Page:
Analysts: As more people stall their homebuying plans, due to inflation, higher interest rates and economic uncertainty, it likely will impact RE industry jobs.
WASHINGTON – Americans may be more likely to put off home purchases given the current interest-rate climate and the economic uncertainty following Russia’s invasion of Ukraine.
“We’re seeing a reduction in buyer interest because of the cost of buying home and that’s due to both the run up in interest rates as well as the ongoing high cost of actually building a home,” said Robert Dietz, chief economist at the National Association of Home Builders.
U.S. existing home sales tumbled to a two-year low in May, but the median house price rose 14.8% from a year earlier to an all-time high of $407,600, passing $400,000 for the first time.
Fitch Ratings says it expects new home sales this year to fall 2%, compared to its earlier forecast of a 1.8% rise.
Some lenders and real estate firms may lay off workers as the market slows. Compass Inc. and Redfin Corp. both announced this month hundreds of job cuts.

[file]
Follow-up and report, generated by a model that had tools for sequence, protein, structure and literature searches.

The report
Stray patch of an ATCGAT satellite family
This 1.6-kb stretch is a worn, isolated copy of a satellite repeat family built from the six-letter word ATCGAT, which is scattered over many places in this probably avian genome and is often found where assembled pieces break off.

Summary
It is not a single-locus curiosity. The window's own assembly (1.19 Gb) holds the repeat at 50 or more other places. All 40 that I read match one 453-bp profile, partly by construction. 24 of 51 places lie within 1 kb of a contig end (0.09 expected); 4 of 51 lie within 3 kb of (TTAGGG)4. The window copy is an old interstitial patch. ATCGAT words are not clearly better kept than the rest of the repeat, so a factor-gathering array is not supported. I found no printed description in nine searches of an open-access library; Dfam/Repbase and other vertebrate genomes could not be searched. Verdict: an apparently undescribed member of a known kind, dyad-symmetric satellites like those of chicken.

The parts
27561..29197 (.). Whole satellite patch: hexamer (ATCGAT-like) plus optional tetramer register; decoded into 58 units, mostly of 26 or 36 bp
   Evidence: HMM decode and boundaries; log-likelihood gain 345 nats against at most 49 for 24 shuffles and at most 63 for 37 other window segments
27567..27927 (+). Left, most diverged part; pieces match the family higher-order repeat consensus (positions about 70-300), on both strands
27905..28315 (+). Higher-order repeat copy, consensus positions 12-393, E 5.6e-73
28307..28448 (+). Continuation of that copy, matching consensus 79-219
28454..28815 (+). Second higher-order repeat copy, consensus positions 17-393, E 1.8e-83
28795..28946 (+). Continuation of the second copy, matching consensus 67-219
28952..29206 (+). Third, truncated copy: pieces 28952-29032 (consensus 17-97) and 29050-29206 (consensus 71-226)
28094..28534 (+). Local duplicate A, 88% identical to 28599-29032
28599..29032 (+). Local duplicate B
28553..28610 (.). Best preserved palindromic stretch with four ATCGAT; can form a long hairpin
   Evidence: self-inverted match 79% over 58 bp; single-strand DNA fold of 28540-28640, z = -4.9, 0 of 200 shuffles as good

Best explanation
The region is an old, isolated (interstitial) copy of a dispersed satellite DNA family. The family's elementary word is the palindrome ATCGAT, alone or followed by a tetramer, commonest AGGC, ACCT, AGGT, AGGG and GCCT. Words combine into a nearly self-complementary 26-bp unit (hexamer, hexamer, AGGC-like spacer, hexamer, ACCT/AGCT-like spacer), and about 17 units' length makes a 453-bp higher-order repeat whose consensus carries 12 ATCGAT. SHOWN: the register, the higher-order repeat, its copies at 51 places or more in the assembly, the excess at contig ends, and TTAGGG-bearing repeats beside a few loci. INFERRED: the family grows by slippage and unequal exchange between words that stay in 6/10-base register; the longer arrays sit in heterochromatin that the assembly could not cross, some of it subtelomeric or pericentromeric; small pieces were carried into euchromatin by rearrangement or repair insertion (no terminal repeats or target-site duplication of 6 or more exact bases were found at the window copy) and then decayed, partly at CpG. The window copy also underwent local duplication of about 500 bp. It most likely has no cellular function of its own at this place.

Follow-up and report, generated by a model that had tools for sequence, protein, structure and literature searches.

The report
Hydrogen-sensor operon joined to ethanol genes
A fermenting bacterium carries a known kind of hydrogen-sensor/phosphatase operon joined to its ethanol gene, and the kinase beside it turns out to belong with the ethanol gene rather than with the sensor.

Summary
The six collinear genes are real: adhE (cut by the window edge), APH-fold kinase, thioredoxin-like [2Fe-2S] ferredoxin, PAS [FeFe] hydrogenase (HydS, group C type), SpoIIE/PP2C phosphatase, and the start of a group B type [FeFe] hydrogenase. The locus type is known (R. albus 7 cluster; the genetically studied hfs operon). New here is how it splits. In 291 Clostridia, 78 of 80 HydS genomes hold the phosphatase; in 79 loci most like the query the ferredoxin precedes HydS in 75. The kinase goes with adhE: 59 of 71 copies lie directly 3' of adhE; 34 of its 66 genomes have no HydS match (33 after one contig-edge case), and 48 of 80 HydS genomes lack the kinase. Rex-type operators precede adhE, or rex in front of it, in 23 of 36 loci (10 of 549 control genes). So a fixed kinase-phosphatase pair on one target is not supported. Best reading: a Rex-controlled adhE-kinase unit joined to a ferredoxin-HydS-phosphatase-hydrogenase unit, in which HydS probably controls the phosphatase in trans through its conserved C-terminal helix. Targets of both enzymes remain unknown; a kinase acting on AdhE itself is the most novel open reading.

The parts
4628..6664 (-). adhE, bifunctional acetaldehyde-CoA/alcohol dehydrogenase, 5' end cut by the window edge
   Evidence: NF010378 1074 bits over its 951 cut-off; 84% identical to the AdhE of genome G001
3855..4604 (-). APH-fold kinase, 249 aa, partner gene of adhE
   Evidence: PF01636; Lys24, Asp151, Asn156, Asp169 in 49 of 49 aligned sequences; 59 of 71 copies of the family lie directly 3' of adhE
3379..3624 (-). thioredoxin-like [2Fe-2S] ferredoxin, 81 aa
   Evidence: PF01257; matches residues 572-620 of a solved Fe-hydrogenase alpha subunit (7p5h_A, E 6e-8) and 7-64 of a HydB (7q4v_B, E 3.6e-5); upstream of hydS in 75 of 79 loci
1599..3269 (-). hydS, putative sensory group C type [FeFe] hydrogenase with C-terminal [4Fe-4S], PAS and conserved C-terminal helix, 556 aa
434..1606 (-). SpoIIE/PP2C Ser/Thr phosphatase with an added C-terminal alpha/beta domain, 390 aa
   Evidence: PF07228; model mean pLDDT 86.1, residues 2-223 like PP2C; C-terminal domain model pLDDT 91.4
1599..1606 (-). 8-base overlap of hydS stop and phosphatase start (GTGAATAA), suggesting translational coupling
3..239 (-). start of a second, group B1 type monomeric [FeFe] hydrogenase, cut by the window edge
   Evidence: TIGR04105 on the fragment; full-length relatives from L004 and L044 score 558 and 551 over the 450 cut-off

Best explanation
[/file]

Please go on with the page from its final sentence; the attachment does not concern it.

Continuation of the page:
Meanwhile, as the rate for the most popular U.S. home loan nears its highest level since November 2008, the effects may spread to mortgage companies as demand for refinancing wanes.
“There is almost no incentive to refinance. So that drop off in business, in addition to our view of slowing (home) sales, suggests there will need to be layoffs across the industry,” said Douglas Duncan, senior vice president and chief economist at Fannie Mae.
Olu Sonola, Fitch’s head of U.S. regional economics, said the Southern, Midwest, and Western parts of the United States will likely see more housing-related job losses than other areas as they significantly ramped up construction since the pandemic. Sonola added that home builders, on the other hand, may not need to announce layoffs because of the healthy backlogs.
“There’s still a lot of people who want a single-family home,” Dietz said.
Source: Reuters (07/01/22) Nishant, Niket; Ganapavaram, Abhijith; Deka, Kannaki
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